A Via Ferrata (meaning Iron Road in Italian) is a heavily protected climbing route consisting of a series of iron rungs, cables, ladders, and bridges that can be used to scale or traverse near vertical crags. They are found mainly in the Dolomites and the Austrian Alps and there are now over 1000 in existence throughout the world. Two have recently been built in England: in the Lake District at Honister Slate Mine and in the Yorkshire Dales at How Stean Gorge.
They originated in Italy with the earlier ones having been built to facilitate the movement of troops and equipment in the Dolomites during the First World War, but they are now being built for recreational purposes and are increasingly popular with both climbers and people who do not normally rock climb but who want a "safe" adventure experience on a rock face. There is no need for protection with ropes and belays. The climber is secured to a metal cable via a short lanyard, which will limit any fall.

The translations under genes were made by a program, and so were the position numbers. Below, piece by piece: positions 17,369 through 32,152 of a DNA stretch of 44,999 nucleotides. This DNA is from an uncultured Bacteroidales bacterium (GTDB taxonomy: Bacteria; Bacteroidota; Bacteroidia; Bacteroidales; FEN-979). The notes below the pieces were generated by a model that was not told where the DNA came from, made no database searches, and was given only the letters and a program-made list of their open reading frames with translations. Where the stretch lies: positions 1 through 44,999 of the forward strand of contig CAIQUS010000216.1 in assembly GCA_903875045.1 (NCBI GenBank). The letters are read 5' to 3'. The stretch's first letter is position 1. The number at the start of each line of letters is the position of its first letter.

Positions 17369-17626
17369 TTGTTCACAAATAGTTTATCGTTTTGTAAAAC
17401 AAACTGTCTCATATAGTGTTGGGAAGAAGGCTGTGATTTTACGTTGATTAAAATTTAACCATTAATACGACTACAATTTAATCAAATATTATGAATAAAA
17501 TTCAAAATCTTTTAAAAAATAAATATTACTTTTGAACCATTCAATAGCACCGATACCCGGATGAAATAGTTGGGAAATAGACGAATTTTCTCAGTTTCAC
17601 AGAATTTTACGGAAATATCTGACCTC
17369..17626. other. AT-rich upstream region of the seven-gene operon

The Club has climbed a number of Via Ferrata routes during the trips it has made to the Dolomites.